Newspapers: what are you seen to read and does it matter?

I’m writing this fast to get it done before the Panther of News gets home from the Coalface of Truth and requires my attention. 

Today, in hopeful sunshine, we visited Glasgow’s Botanic Gardens. The world had come out of their winter burrows and was enjoying the whiff of a new season. People were loafing about reading the papers and smiling. 

As the Boys chased the pigeons (badly, I swear the birds were laughing at them) and rolled down the hill in the mud I overheard a brief conversation. 

A couple were reading the papers on a bench. Another pair, obviously friends, hove into sight. There were hellos all round, then: “The Sun! Why are you reading that?”

The blushing paper reader was flustered at been caught in the act by a friend, and a rude one at that. There were blustered and stumbled excuses about some hideous mix-up in the paper shop but “seeing how I’d got it I thought I’d better see what was in it”.

A likely story. 

One of the most interesting things about the Kindle revolution is that people now can read exactly what they want and on one knows. Previously, in the time of real books, you picked not just because of what you fancied, but of what you wanted to be seen reading. 

The same goes for newspapers, however they are consumed. When I worked for the Daily Star of Scotland, it was always the paper that disappeared from the piles in reception before its more grown-up stablemate the Scottish Daily Express. But no one ever liked to admit to being a Daily Star Reader. 

Similarly, the Daily Mail has become shorthand for anything wrong-headed, reactionary and illiberal. Who would want to be associated with that? Except that many, many people must be because it is extraordinarily successful and good at what it does, particularly online. 

My point? It’s that the gap between what people want to read and what they want to be seen reading is ever widening. There must be a fair few folk who guiltily sneak a read of a red-top tabloid because the stories are good, well-written and  considerably less effort than the broad sheets. I did tweet with someone this week who quietly confessed the Daily Mail was her guilty pleasure – she’s not alone, is she?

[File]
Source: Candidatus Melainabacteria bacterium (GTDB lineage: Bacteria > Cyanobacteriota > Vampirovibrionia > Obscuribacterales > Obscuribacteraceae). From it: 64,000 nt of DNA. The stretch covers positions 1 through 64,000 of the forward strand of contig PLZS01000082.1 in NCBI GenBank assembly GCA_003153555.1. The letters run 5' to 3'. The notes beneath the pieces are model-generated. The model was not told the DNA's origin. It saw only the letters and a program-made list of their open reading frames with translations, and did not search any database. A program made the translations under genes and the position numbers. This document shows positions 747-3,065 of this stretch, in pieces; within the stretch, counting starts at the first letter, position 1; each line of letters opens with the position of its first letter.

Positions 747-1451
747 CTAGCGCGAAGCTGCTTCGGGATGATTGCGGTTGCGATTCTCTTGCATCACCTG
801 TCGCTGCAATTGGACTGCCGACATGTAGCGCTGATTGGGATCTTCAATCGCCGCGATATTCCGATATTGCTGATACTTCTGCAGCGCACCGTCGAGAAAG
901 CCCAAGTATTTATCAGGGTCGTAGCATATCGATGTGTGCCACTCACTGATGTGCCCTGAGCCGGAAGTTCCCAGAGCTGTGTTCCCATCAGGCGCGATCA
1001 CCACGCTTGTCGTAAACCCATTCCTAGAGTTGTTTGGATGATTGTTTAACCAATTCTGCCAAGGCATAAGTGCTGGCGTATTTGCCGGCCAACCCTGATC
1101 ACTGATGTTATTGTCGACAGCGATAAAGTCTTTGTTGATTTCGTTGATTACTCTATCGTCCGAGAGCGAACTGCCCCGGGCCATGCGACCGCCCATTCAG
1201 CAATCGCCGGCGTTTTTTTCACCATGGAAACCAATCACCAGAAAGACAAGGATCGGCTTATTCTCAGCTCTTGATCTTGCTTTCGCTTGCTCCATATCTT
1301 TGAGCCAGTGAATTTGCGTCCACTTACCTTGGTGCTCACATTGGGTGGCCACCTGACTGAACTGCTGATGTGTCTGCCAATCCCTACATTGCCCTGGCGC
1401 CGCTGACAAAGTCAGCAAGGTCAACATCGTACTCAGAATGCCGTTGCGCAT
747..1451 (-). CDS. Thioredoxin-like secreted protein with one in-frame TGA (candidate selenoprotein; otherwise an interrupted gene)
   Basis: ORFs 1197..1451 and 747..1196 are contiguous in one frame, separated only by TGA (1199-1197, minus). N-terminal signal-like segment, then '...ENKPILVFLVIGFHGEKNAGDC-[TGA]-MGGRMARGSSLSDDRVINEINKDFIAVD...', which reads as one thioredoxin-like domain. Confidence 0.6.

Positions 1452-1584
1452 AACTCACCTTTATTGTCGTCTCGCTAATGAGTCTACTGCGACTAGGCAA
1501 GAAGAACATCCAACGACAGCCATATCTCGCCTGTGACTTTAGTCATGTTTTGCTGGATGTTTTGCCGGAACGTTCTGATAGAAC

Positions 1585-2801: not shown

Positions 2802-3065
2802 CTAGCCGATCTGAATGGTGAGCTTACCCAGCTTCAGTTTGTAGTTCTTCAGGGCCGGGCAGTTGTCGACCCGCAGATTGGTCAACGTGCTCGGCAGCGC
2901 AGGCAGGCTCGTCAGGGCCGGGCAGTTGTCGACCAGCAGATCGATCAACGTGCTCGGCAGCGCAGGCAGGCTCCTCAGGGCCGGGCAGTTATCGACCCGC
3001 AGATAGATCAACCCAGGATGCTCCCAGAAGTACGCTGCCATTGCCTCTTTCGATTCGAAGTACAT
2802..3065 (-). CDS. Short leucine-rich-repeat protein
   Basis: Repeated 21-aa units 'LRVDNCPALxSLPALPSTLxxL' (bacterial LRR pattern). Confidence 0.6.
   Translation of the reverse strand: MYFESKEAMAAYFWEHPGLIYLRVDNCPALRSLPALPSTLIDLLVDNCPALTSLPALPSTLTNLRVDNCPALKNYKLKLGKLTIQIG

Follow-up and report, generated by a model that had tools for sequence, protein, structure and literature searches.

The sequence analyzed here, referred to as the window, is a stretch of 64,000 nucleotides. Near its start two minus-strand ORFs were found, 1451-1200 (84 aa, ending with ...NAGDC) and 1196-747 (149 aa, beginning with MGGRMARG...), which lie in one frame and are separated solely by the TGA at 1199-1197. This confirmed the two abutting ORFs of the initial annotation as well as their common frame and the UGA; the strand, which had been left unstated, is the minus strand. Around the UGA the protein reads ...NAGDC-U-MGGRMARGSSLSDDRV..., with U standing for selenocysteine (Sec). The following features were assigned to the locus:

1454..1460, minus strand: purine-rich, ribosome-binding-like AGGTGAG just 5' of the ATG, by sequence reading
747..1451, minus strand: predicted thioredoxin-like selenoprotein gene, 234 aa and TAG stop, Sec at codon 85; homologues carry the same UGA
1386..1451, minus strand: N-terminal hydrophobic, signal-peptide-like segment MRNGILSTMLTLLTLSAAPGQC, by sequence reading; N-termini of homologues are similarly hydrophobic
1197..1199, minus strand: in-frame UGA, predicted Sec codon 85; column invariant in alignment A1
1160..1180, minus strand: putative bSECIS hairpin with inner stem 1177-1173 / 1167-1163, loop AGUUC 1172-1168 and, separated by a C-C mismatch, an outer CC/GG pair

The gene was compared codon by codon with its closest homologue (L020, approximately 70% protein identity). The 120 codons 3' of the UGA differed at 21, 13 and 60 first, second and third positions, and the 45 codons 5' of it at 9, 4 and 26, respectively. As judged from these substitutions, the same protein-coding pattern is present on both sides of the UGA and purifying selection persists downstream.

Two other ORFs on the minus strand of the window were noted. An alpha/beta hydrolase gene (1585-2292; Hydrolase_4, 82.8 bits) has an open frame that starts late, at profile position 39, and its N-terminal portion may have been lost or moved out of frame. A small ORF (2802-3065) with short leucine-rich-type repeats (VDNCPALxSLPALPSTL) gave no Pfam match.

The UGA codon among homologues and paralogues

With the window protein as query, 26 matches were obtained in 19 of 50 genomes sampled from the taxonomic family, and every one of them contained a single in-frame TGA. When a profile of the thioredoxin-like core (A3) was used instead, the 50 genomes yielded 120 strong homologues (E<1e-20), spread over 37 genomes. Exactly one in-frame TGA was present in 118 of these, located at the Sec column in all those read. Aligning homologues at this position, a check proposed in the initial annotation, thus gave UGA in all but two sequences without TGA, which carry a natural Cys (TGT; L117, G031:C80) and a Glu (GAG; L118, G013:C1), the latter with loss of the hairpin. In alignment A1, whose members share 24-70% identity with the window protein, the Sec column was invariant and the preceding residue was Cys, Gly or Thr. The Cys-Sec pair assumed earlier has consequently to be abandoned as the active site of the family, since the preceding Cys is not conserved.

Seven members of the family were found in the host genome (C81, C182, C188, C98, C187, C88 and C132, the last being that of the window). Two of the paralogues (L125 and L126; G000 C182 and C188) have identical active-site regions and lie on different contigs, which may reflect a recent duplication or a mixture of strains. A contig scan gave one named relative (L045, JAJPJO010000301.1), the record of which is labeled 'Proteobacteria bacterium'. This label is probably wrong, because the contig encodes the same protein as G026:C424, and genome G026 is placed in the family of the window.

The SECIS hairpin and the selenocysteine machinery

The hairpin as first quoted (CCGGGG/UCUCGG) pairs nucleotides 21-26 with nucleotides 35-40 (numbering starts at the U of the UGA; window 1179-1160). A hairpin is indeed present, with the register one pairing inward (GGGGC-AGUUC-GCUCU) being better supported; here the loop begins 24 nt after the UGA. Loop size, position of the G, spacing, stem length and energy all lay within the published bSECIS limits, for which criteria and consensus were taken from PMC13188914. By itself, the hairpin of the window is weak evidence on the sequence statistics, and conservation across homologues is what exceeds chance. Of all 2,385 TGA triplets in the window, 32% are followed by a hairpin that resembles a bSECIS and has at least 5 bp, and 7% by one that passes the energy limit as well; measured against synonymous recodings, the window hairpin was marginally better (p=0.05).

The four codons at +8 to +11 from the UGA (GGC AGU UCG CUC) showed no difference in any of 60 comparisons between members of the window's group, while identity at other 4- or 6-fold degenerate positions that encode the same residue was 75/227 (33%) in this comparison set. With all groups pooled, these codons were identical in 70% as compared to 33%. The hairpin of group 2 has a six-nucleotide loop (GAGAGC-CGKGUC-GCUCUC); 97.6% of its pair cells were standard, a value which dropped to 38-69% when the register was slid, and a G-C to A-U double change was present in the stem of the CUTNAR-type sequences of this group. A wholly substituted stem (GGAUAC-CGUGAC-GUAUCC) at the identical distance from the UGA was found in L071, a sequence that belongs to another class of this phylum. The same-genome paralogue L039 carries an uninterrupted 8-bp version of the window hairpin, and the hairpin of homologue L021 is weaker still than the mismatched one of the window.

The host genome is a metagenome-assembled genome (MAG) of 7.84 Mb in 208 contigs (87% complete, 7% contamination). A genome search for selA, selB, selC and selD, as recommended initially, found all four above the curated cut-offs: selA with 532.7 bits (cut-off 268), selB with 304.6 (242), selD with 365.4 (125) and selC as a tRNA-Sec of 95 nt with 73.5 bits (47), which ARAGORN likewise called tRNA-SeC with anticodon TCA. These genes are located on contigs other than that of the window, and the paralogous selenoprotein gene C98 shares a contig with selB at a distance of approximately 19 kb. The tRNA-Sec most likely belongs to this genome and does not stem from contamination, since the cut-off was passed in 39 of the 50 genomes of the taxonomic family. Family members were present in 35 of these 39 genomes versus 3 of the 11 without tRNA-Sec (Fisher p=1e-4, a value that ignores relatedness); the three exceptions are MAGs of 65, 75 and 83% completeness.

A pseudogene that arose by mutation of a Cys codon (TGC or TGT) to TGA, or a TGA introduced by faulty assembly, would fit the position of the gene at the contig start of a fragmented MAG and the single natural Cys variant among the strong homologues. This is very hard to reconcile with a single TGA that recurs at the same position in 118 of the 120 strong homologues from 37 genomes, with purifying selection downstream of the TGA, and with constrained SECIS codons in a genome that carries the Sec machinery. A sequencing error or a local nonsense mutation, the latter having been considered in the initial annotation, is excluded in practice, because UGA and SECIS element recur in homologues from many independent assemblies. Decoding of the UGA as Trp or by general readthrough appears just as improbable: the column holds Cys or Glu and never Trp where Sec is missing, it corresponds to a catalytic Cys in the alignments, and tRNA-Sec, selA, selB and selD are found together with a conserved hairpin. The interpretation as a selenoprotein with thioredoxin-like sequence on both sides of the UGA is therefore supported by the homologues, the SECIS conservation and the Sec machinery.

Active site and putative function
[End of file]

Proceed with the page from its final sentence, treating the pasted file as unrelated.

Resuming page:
Maybe it’s time for plain brown paper covers for our shameful favourite reads or, instead, to acknowledge that we’re all going to be taking our laptops and tablets to the park instead of the papers. 

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  1. Debbie says

    I end up looking at the Daily Mail website far more than I should. Its success has led me to conclude that no one cares any more if something is well written, grammatically correct or has its facts straight … as long as it gives them the chance to snipe at – in this order – female celebs who have put on weight, Kate Middleton (who gets it both the not-posh-enough brigade and the anti-royalists)and the loony left who are ruining Britain (eh?). At least with a copy of The Sun, you're not exposed to the utter insanity of your fellow readers xxx

  2. says

    I don't think there's a 'should' or 'shouldn't' about it. The Daily Mail does an excellent job at providing a skewed aggregation of everything that's interesting.

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